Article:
The phylum Apicomplexa comprises a large group of early branching eukaryotes that includes a number of human and animal parasites. Calcium controls a number of vital processes in apicomplexans including protein secretion, motility, and differentiation. Despite the importance of calcium as a second messenger, very little is known about the systems that control homeostasis or that regulate calcium signaling in parasites. The recent completion of many apicomplexan genomes provides new opportunity to define calcium response pathways in this group of parasites in comparison to model organisms.
Whole-genome comparison between the apicomplexans Plasmodium spp., Cryptosporidium spp., and Toxoplasma gondii revealed the presence of several P-Type Ca2+ transporting ATPases including a single endoplasmic reticulum (ER)-type sarcoplasmic–endoplasmic reticulum Ca2+ ATPase, several Golgi-like Ca2+ ATPases, and a single Ca2+/H+ exchanger. Only T. gondii showed evidence of plasma membrane-type Ca2+ ATPases or voltage-gated calcium channels. Despite pharmacological evidence for IP3 and ryanodine-mediated calcium release, animal-type calcium channels were not readily identified in parasites, indicating they are more similar to plants. Downstream of calcium release, a variety of EF-hand–containing proteins regulate calcium responses. Our analyses detected a single conserved calmodulin (CaM) homologue, 3 distinct centrin (CETN)-caltractin–like proteins, one of which is shared with ciliates, and a variety of deep-branching, CaM-CETN–like proteins. Apicomplexans were also found to contain a wide array of calcium-dependent protein kinases (CDPKs), which are commonly found in plants. Toxoplasma gondii contains more than 20 CDPK or CDPK-related kinases, which likely regulate a variety of responses including secretion, motility, and differentiation.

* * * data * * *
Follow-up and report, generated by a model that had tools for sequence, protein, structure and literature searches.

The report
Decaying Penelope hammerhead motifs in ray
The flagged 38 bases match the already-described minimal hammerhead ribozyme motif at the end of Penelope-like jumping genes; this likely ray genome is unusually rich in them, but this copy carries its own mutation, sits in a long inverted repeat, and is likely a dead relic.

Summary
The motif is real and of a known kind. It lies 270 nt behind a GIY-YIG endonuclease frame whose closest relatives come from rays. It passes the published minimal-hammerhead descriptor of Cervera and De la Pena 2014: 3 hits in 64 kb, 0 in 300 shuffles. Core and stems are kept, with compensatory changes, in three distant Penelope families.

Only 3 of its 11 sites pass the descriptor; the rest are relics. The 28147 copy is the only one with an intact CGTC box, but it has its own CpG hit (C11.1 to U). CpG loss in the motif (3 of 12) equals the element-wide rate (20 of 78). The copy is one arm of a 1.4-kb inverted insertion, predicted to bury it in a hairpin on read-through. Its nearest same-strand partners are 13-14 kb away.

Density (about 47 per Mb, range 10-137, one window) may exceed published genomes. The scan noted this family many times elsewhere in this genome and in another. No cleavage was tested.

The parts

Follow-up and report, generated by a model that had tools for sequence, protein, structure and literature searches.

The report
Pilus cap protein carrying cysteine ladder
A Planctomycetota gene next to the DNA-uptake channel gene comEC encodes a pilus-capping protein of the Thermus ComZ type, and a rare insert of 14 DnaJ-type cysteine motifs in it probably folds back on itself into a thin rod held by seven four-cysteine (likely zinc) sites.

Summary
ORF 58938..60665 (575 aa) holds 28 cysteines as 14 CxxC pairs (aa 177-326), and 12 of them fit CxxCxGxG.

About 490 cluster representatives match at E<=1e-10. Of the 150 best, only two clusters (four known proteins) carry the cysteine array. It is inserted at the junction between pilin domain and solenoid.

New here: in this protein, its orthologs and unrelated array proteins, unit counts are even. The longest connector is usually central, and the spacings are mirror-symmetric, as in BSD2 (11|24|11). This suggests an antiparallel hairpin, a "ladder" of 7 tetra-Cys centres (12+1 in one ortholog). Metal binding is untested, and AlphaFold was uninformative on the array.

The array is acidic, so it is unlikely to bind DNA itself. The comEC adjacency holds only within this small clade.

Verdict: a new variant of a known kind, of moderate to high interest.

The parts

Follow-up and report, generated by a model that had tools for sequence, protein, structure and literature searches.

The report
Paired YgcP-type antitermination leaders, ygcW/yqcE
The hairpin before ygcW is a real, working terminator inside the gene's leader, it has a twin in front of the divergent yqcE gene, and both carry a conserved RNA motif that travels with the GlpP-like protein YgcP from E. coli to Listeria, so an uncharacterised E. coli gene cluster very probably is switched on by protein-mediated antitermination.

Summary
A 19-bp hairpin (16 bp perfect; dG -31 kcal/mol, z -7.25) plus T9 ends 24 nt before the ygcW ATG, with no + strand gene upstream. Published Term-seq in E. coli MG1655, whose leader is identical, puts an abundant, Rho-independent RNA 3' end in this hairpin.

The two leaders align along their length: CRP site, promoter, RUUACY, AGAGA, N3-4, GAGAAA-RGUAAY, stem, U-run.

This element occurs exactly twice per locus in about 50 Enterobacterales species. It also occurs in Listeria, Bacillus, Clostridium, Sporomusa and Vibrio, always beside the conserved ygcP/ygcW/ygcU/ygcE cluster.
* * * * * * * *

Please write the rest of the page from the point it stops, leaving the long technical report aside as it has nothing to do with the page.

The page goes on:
Genomic and phylogenetic comparisons revealed that apicomplexans contain a variety of unusual calcium response pathways that are distinct from those seen in vertebrates. Notably, plant-like pathways for calcium release channels and calcium-dependent kinases are found in apicomplexans. The experimental flexibility of T. gondii should allow direct experimental manipulation of these pathways to validate their biological roles. The central importance of calcium in signaling and development, and the novel characteristics of many of these systems, indicates that parasite calcium pathways may be exploited as new therapeutic targets for intervention.